Work began on building a larger lock to replace the outdated State Lock six year after the opening of the Weitzel Lock. Ships kept getting bigger and traffic kept increasing creating log wait for the Weitzel Lock.
Earlier Locks had gates made of wood, the Poe Lock would have lock gates made of steel. The first lock on the St. Marys River to have steel gates. Measuring 800 feet long, 100 feet wide and 21 feet deep, the Poe Lock eased congestion entering and leaving Lake Superior.
Davis Lock 1914
The Poe Lock’s capacity was pushed to the limits in the early part of the 20th century. It was designed to lock up to four ships at a time. By 1905 ships were being built up to 569 feet long and had to be locked through one at a time. In 1911 boats passed the 600 feet mark with the Col. James M Schoonmaker that was launched at 613 feet. This started created lengthy delays at the locks.
A new lock was needed. The Davis Lock was built in 1914 at 1,350 feet long, 80 feet wide and 24 feet deep.
Sabin Lock 1919
Traffic at the locks continued to grow as did the length of boats in the Great Lakes. In 1913 a fourth lock was approved, and work began a year before the completion of the Davis Lock. Both the Davis and Sabin locks were built using the same plans. They were also another first for the Soo Locks. Both locks were built with concrete walls, unlike the stone masonry used on previous locks. Electric winding machines were used to open and close the gates.
MacArthur Lock 1943
After 1919 the Weitzel Lock saw little use with three newer and larger locks operating. The channels in the St. Marys River had been deepened to 24 feet by 1936. Shipping companies were wanting a new lock that was deeper and could operating with deeper and deeper drafts.
Construction of a new lock to replace the Weitzel was approved in March 1942. With the U.S. drawn into WWII, the need for a steady supply of iron ore to steel mills were a matter of national security. Construction of the MacArthur Locks were completed in less than two years.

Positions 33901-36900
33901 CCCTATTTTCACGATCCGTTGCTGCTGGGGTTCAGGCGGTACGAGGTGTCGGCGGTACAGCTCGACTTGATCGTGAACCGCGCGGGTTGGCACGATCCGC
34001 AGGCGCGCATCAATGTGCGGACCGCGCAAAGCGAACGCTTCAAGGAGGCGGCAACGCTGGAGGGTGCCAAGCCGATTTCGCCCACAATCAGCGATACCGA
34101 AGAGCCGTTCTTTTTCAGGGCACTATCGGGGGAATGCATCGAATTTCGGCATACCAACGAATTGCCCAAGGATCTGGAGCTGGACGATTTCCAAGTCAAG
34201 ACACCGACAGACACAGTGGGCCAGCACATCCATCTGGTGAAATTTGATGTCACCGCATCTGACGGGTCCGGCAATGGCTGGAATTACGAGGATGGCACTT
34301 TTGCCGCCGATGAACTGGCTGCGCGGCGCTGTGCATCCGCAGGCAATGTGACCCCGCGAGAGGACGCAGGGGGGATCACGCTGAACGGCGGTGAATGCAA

Poe Lock 1968 (second)
By the 1950s larger vessels were pushing the limits of the locks, even the relative new MacArthur Lock could not meet the growing demands.
In 1958 planning was started for a bigger and deeper lock that would replace the 60+ year old original Poe Lock. Construction began in 1961 for a lock 1000 feet long and 100 feet wide.
Early into the project the lock was redesigned as it became clear that an even larger lock was needed. The new design made the locks it current 1200 feet long and 110 feet wide. In 1968 a trial ship went through and in 1969 the lock opened for commercial traffic. In less than four years the first 1000-foot-long ship on the Great Lakes passed through the Poe Lock.
Below are some fun facts about the Soo Locks originally published in Adventures In Northern Michigan on August 24, 2022.
Did you know?
20 things about the Soo Locks
Called the “Linchpin of the Great Lakes” by the United States Army Corps of Engineers, this engineering marvel has roots that date back to the mid 1800’s. The Soo Locks are a National Historic Site in Michigan’s oldest city.
1. Did you know that 90% of iron ore passes through the Soo Locks annually? The value is over $500 billion.
2. Did you know that you can take your personal boat through the Soo Locks? You have to have a motor and permission from the lockmaster.
3. Did you know that about 12,000 vessels pass through the locks yearly? Crews complete these during the 42 weeklong navigation seasons, they are open 24 hours a day.
4. Did you know that the Soo Locks are part of the St. Lawrence Seaway? Ships from all over the world visit this port as the locks which help connect Duluth, Minnesota to the Atlantic Ocean. Duluth is 2,332 miles from the Atlantic Ocean and takes on average 7 days to reach it from Duluth.